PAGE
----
She dabbled in it, perfected it, on being pushed by her friends she started a Facebook page and within no time her spiritual artworks have become quite popular with eager buyers all over the world waiting in anticipation for the somewhat reluctant artist to bring out new pieces. Anuja Kimatrai, founder and creator of Temple Art, says she doesn’t do it for money but for love. She isn’t creating multiple pieces of the same design right now and won’t be putting them on cushion covers any time soon. Sailesh Ghelani had a chat and a nice cup of espresso at Anuja’s home in Mumbai.
So Anuja, I’m looking at the pieces now and they seemed a lot bigger in the pictures.
I like the pieces to be in such a way that they can either sit on a desk, sit on a mantle piece, a coffee table or a small wall or beam. They’re very nice as a house warming present or if someone’s got promoted and they’ve got their own cabin or if someone just wants a little piece at the entrance to the house or near the telephone.
So you wouldn’t make a bigger piece?
Why? Is it too much work?
You see what tends to happen is that when you embroider on a hoop and you keep moving the material round the hoop for a big piece what tends to happen the threads start fraying, they’re very delicate. I could use a bigger hoop but the more you play with it and hurt it, it will get damaged. But once it’s framed nothing will happen to it.
How did this all start off?
I started Temple Art a year and a half ago. It was my aunt who originally did a lot of temple art, of course she didn’t call it that, but she used to do this kind of embroidery all her life. I would see her doing it and I was amazed that she could create these pieces using nothing but a needle and a thread. Now since I had some time then I decided to learn how to do this. So I’d go and sit with my aunt and learn the craft.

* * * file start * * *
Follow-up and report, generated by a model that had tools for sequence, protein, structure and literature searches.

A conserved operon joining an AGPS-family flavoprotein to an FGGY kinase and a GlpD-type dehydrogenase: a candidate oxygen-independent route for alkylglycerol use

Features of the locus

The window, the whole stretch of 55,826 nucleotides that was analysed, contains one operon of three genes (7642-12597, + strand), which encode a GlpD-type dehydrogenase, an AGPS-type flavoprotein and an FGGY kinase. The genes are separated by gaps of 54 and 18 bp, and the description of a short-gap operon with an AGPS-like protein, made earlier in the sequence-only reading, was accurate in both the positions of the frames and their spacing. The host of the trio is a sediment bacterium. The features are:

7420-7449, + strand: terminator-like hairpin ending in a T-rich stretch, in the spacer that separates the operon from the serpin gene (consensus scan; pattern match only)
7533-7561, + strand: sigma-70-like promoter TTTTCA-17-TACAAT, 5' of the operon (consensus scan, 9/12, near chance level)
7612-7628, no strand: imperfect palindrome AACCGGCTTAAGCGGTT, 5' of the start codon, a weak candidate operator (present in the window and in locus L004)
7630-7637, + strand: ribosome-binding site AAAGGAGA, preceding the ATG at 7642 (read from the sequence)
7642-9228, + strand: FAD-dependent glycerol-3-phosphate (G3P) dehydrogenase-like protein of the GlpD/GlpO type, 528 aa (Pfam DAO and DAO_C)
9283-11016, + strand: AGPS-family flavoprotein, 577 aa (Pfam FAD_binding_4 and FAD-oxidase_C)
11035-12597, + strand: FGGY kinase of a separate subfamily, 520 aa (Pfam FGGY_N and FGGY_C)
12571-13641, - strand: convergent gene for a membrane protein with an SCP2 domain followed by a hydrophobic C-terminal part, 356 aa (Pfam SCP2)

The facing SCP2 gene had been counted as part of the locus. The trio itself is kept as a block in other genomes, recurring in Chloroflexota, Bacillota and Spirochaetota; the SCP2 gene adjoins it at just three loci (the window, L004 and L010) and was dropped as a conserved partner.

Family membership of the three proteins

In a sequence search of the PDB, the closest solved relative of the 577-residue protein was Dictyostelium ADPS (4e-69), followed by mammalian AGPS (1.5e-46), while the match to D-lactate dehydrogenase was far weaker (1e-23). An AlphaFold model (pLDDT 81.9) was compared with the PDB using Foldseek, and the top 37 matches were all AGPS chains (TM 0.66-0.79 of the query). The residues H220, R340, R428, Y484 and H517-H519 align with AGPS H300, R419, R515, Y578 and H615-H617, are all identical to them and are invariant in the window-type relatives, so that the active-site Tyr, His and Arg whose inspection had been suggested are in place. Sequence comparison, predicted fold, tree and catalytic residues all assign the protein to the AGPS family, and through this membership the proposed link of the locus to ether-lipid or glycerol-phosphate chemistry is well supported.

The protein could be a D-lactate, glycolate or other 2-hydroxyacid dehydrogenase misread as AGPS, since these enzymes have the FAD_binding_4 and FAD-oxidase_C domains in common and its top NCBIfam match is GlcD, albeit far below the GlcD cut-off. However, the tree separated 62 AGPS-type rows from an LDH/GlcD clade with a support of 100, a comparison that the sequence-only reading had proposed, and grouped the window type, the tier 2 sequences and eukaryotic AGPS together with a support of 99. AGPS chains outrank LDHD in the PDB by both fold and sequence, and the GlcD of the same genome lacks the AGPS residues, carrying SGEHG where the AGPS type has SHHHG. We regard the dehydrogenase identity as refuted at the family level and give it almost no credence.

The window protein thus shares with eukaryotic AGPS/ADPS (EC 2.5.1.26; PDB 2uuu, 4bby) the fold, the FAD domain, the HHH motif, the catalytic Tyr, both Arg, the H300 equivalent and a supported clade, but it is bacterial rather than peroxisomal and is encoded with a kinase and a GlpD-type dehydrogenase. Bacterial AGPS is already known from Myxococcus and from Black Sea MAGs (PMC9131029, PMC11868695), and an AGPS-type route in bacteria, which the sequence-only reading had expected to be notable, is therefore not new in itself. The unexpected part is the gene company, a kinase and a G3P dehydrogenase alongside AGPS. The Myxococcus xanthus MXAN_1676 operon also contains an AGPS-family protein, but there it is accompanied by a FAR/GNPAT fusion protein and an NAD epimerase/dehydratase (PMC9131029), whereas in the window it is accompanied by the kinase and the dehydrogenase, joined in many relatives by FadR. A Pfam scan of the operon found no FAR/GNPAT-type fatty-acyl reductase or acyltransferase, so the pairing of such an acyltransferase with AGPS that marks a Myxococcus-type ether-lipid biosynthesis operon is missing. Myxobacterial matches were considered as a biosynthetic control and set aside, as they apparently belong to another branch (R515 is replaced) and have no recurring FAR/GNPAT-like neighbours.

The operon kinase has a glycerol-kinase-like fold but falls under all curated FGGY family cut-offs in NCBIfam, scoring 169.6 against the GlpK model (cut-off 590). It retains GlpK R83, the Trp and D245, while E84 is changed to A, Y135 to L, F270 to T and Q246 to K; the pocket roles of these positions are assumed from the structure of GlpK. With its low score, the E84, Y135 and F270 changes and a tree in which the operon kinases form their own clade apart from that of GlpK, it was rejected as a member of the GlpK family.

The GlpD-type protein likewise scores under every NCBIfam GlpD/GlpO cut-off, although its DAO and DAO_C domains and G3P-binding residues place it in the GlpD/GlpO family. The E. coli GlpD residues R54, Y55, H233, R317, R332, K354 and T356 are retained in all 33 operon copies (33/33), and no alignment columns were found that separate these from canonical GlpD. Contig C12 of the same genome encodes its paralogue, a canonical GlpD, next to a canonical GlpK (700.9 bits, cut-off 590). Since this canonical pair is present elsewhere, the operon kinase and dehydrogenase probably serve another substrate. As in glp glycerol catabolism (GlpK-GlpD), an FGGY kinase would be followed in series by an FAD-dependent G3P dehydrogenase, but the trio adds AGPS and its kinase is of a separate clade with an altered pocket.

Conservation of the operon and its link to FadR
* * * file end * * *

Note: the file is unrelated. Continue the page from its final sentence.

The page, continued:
My aunt only did thread work though but I wanted to do more than that. So I started playing with beads and sequence. She also only used black cloth but now I’ve started experimenting with other colours as well like blues, pinks and indigos. I’m using a lot of colour psychology in my work.
Every colour has a story and a reason behind it and a way it operates when a human see it. Like blue is considered a very calming colour. So for example when I did the Third Eye of Shiva for example, Shiva has the Ganga flowing from his head and it is water so blue and it was therefore a very obvious choice. The Ganesh I’m doing now I’m using a yellow thread and yellow is a very happy colour.
Were you always very artistic?
In school I used to do Rangoli competitions, flower arrangements and singing. I don’t know whether you’d call that artistic or not but being House Captain we had to put our hands into everything.
So you started a year and a half ago but only just started selling them…
I was getting my hand set. If you look at my craftsmanship now you’ll see a huge difference; there’s heaven and earth between the two. I didn’t know what would happen to my piece after I finished it but I used to do it because I loved it. I would finish a piece and put it up on my personal Facebook page and somebody, a friend or family member, would turn around and say, “It’s mine!” and that would be that.